Interview: Gautam Sashittal
Where do you identify the key demand drivers for commercial real estate in Saudi Arabia?
GAUTAM SASHITTAL: The economic growth that the country is experiencing acts as a magnet for international and regional businesses to set up a presence in Riyadh. In fact, Riyadh aims to be among the top-10 city economies in the world by 2030. This, together with projections that its population will double over this period, gives a clear idea of the potential growth opportunities ahead. To meet the demands of a growing population and its economic expansion target, an adequate amount of grade-A real estate needs to be made available in the commercial, residential and hospitality segments.
Therefore, demand for commercial real estate in Saudi Arabia, particularly in Riyadh, is mainly driven by the ripple effect of government spending on infrastructure development projects. The country’s large-scale projects will catalyse investment in entertainment options, lifestyle outlets, health care centres and educational institutions, which are essential to creating an attractive ecosystem for businesses.
How can public-private collaboration accelerate development in the real estate sector?
SASHITTAL: Saudi Arabia is the largest economy in the region, and the local government entities have deployable capital. Moreover, state-owned entities are keen to grow in markets abroad, creating the right environment for foreign businesses to collaborate with them. For instance, we are seeing more international contractors participating in large-scale national infrastructure and real estate development projects, ensuring global quality and project delivery standards are applied.
The government’s Programme HQ aims to attract global companies to establish their regional headquarters in Saudi Arabia. This undoubtedly will create market opportunities to expand the country’s real estate options and simultaneously stimulate investment in more lifestyle, education and health care options. These developments will make Saudi Arabia a vibrant business and lifestyle destination going forward, helping to meet the goals of Vision 2030.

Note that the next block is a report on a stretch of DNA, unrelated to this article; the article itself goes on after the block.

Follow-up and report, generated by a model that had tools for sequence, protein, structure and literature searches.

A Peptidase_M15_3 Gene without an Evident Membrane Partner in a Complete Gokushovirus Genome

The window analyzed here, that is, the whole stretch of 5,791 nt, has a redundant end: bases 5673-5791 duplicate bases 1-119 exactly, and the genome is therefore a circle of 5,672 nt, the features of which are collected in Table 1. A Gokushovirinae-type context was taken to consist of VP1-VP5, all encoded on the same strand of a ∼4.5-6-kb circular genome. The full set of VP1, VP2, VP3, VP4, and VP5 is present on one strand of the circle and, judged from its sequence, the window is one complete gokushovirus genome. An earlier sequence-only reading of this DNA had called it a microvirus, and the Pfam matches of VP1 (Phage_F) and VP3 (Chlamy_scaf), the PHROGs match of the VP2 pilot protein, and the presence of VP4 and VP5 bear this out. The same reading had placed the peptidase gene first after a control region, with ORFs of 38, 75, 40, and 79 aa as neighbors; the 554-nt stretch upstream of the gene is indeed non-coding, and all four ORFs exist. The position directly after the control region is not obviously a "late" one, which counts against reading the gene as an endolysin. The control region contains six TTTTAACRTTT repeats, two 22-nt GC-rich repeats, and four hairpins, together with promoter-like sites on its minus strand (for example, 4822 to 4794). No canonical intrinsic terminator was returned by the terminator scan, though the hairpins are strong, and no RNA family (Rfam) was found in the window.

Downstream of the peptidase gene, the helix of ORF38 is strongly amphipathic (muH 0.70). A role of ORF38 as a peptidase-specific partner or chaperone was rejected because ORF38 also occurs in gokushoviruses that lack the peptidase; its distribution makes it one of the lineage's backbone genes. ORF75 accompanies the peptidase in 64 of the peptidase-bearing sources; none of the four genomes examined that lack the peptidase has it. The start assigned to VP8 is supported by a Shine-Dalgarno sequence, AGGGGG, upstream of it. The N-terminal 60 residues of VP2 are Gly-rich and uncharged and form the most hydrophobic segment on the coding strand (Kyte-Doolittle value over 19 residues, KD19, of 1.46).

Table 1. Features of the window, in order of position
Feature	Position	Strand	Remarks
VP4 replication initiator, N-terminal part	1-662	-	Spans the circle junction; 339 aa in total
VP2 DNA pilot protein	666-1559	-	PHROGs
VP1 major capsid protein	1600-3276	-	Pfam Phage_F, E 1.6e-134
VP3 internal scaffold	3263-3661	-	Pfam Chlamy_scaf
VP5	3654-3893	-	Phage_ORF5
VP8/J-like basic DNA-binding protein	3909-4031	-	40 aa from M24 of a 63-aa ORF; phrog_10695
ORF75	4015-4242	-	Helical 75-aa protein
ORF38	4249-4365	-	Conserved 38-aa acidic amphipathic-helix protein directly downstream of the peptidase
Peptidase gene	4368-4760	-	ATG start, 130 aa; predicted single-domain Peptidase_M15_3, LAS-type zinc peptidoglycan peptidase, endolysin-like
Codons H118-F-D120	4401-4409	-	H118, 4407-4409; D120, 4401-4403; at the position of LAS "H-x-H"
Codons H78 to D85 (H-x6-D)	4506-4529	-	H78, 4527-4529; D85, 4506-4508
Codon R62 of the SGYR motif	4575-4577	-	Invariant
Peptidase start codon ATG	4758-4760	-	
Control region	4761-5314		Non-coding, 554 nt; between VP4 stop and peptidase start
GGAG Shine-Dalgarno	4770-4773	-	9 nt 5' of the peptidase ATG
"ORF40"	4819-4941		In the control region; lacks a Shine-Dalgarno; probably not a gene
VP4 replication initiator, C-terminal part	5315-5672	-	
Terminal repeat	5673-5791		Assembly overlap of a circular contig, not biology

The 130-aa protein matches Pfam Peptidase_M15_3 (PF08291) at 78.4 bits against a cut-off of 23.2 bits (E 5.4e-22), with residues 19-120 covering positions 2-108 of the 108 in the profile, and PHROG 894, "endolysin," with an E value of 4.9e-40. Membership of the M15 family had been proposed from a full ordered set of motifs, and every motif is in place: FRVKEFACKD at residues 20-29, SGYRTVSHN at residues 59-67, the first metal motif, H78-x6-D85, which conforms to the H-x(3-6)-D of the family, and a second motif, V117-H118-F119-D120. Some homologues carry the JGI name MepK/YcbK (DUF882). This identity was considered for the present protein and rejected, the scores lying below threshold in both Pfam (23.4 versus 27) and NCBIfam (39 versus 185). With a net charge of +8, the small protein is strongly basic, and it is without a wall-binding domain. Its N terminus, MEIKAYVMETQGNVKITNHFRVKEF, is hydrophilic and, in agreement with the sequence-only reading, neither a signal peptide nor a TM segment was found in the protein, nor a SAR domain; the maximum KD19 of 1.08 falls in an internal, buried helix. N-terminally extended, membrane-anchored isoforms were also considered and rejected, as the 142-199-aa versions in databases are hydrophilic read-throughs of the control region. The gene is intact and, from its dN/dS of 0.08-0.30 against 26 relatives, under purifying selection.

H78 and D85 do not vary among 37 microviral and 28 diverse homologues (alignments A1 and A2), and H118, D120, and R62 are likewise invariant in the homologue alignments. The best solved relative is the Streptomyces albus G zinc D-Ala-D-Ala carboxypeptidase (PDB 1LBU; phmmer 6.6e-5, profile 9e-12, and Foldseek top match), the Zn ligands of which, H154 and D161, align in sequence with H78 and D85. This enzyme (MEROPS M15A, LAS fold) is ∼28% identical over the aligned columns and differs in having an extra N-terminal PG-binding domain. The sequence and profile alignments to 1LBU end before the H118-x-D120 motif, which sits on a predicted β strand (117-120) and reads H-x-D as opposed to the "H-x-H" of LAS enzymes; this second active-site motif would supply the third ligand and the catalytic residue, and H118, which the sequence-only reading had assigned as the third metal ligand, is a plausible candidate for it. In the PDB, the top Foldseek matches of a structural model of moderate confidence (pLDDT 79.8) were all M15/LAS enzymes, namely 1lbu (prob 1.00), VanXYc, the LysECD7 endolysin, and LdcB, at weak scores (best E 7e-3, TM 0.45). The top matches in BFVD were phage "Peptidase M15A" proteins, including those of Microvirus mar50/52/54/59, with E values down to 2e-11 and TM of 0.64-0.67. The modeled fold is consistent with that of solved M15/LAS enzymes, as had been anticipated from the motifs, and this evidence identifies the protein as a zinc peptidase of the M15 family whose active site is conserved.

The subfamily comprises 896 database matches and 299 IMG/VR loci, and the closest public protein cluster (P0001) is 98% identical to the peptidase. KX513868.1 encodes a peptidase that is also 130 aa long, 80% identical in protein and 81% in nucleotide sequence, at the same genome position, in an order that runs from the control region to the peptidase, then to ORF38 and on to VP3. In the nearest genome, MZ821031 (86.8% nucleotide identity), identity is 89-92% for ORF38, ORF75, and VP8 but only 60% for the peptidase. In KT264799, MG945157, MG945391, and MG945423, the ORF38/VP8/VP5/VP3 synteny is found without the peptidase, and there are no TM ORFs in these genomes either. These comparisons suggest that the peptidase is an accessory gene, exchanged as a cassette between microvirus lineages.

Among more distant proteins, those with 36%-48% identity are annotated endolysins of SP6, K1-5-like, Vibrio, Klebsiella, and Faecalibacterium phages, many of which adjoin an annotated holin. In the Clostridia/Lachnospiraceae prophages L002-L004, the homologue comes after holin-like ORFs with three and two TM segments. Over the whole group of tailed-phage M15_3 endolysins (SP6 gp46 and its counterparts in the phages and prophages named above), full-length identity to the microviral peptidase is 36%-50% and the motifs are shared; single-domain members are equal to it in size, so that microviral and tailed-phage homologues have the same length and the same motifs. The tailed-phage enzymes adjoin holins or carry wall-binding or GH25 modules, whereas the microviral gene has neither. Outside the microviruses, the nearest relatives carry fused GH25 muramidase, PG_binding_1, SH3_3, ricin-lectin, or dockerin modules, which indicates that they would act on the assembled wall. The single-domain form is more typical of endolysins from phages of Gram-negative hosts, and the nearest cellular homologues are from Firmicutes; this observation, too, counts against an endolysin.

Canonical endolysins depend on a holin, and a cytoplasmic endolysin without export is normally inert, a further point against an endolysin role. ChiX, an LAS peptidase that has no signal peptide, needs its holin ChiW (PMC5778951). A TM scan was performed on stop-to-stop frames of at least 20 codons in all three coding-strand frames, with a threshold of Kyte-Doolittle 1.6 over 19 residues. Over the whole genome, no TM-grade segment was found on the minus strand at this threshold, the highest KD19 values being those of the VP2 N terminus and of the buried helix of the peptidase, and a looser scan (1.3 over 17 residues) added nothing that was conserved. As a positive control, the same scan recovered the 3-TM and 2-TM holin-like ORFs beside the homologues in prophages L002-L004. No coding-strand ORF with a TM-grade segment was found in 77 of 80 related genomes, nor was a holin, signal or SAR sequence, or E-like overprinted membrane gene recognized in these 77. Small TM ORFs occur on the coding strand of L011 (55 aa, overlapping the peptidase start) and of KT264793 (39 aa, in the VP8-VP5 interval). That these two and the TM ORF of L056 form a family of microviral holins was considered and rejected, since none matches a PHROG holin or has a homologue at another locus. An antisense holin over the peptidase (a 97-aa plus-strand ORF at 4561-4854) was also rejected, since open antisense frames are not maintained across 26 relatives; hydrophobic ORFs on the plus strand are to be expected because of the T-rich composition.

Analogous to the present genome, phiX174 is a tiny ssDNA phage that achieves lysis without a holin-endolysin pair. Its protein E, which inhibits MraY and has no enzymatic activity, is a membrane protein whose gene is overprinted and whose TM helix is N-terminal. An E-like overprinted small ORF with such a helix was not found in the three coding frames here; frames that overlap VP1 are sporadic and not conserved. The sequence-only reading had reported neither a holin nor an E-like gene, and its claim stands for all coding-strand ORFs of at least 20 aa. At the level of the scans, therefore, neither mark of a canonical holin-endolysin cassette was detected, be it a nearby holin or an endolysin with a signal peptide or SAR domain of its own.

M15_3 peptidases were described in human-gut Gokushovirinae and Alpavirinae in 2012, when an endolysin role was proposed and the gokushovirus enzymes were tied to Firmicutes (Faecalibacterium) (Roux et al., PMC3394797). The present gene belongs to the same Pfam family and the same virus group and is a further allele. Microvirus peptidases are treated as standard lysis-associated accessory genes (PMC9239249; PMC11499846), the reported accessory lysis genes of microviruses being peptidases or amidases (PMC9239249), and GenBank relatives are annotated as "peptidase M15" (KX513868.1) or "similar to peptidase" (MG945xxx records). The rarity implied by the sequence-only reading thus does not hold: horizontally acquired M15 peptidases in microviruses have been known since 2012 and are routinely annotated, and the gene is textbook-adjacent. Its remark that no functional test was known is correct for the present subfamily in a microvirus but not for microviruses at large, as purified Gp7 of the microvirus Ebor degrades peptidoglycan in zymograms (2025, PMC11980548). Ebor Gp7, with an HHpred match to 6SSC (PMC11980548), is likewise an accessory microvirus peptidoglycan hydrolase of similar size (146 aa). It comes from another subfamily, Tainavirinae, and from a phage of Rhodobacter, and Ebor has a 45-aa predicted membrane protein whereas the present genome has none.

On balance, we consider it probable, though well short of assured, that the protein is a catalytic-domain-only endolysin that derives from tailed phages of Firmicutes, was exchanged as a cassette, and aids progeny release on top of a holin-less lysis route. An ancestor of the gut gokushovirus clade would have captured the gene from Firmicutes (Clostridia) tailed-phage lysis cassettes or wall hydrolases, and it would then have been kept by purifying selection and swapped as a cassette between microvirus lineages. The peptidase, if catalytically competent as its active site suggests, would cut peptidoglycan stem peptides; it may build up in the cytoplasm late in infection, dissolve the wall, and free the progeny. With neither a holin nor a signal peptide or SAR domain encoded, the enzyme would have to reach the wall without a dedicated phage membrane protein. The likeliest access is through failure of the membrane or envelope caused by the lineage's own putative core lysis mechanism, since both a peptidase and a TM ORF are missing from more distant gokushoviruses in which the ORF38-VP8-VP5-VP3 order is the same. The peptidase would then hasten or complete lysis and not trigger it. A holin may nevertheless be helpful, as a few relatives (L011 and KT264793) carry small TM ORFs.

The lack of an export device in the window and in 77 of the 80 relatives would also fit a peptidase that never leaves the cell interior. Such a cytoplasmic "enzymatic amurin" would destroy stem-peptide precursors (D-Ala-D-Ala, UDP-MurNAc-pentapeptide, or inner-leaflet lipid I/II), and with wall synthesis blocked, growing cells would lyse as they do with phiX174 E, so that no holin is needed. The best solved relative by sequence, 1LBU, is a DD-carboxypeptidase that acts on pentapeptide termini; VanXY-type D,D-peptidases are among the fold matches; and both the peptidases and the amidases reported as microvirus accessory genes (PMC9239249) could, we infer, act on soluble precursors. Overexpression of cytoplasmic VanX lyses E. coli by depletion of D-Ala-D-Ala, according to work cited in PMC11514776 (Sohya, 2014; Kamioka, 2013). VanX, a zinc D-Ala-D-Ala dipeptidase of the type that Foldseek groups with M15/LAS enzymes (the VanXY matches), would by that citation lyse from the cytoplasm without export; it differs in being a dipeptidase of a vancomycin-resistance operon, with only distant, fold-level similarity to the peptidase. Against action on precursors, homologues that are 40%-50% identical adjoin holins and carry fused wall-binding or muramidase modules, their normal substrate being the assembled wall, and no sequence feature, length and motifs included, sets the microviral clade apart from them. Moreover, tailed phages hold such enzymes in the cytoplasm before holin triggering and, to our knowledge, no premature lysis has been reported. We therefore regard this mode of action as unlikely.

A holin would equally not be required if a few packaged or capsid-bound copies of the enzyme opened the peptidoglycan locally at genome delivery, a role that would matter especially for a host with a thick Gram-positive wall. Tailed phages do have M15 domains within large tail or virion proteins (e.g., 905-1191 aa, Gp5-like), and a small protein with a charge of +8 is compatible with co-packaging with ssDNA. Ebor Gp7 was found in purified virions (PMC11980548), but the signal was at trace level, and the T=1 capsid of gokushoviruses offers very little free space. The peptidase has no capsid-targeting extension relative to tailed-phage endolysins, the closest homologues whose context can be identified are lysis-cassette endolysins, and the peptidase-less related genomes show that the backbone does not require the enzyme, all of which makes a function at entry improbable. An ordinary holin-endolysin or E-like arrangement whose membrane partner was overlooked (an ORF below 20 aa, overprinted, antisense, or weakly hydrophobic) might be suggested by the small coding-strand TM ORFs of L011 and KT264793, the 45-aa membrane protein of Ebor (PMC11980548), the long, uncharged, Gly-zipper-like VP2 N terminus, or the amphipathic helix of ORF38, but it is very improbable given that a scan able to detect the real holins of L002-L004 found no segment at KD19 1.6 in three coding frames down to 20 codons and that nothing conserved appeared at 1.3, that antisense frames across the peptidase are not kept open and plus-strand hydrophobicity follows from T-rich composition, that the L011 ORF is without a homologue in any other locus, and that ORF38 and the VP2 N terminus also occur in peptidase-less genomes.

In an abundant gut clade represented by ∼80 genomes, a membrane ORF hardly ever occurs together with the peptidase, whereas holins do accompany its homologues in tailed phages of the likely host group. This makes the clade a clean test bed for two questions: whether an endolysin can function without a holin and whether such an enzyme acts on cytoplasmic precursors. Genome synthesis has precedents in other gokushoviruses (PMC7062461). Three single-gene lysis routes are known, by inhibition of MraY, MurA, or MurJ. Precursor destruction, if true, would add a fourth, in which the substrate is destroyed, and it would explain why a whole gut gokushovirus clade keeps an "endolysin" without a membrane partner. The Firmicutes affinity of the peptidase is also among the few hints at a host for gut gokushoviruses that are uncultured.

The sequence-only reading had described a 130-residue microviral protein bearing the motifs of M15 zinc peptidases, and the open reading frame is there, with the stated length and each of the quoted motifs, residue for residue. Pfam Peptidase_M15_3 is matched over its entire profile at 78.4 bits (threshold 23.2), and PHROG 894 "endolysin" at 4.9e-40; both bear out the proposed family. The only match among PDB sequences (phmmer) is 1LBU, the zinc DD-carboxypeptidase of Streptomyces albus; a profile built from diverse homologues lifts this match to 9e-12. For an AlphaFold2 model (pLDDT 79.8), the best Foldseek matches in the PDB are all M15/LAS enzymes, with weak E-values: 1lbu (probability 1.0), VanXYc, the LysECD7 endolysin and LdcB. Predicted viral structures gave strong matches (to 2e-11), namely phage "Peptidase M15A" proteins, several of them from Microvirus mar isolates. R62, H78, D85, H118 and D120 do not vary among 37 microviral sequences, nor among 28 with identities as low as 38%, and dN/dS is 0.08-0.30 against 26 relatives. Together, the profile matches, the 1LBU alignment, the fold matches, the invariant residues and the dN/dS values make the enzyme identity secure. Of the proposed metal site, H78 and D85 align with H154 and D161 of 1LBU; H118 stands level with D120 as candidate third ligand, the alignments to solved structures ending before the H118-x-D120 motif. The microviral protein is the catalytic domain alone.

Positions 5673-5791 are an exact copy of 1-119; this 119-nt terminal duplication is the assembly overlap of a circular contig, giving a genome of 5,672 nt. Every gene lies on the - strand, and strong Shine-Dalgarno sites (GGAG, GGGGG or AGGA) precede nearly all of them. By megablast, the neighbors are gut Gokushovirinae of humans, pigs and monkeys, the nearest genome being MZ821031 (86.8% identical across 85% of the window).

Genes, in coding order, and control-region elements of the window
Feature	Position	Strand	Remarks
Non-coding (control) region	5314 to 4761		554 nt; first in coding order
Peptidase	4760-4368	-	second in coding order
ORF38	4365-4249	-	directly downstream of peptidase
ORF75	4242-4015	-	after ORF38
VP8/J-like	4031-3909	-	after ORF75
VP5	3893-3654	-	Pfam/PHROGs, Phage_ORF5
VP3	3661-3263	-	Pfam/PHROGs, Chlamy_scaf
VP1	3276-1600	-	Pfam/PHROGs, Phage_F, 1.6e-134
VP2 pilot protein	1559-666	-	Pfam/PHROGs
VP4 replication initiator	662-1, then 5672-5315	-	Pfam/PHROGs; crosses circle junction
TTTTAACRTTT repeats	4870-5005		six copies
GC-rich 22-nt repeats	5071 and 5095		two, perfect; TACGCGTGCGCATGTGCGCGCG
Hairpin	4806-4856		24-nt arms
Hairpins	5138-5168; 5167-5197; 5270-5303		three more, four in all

What more can be done to achieve sustainable water and energy use in real estate projects?
SASHITTAL: Saudia Arabia aims to reduce its consumption of water from 260 litres per capita per day to 150 litres per capita as part of Vision 2030. To achieve this target, water sustainability needs be taken into consideration in real estate projects and by companies involved. We are doing our part, and KAFD has set a target of 135 litres per capita per day. We are also looking at projects to recycle groundwater for irrigation and a waste management facility to gather all the waste at a central location and transport it to a recycling plant.
Efforts are also being made to raise awareness and educate the population on how to use water and energy sustainably. This change in attitude is also penetrating real estate businesses and many entities are including sustainability in their decision-making process.
To what extent can new urban district developments help to generate business opportunities?
SASHITTAL: Riyadh in particular will attract much more regional and international passenger traffic in the future. High-quality tourist, leisure and entertainment attractions are being built throughout the city, which makes it much more appealing for visitors. Related businesses such as airlines and hotels are also improving their services. Similarly, other destinations in eastern and western Saudi Arabia are being developed for tourism, creating further opportunities for real estate development firms.
The relationship between real estate and tourism and hospitality, including the retail and entertainment segment, is mutually beneficial. We expect many business opportunities to emerge in the near future as a result of new urban district developments in the country.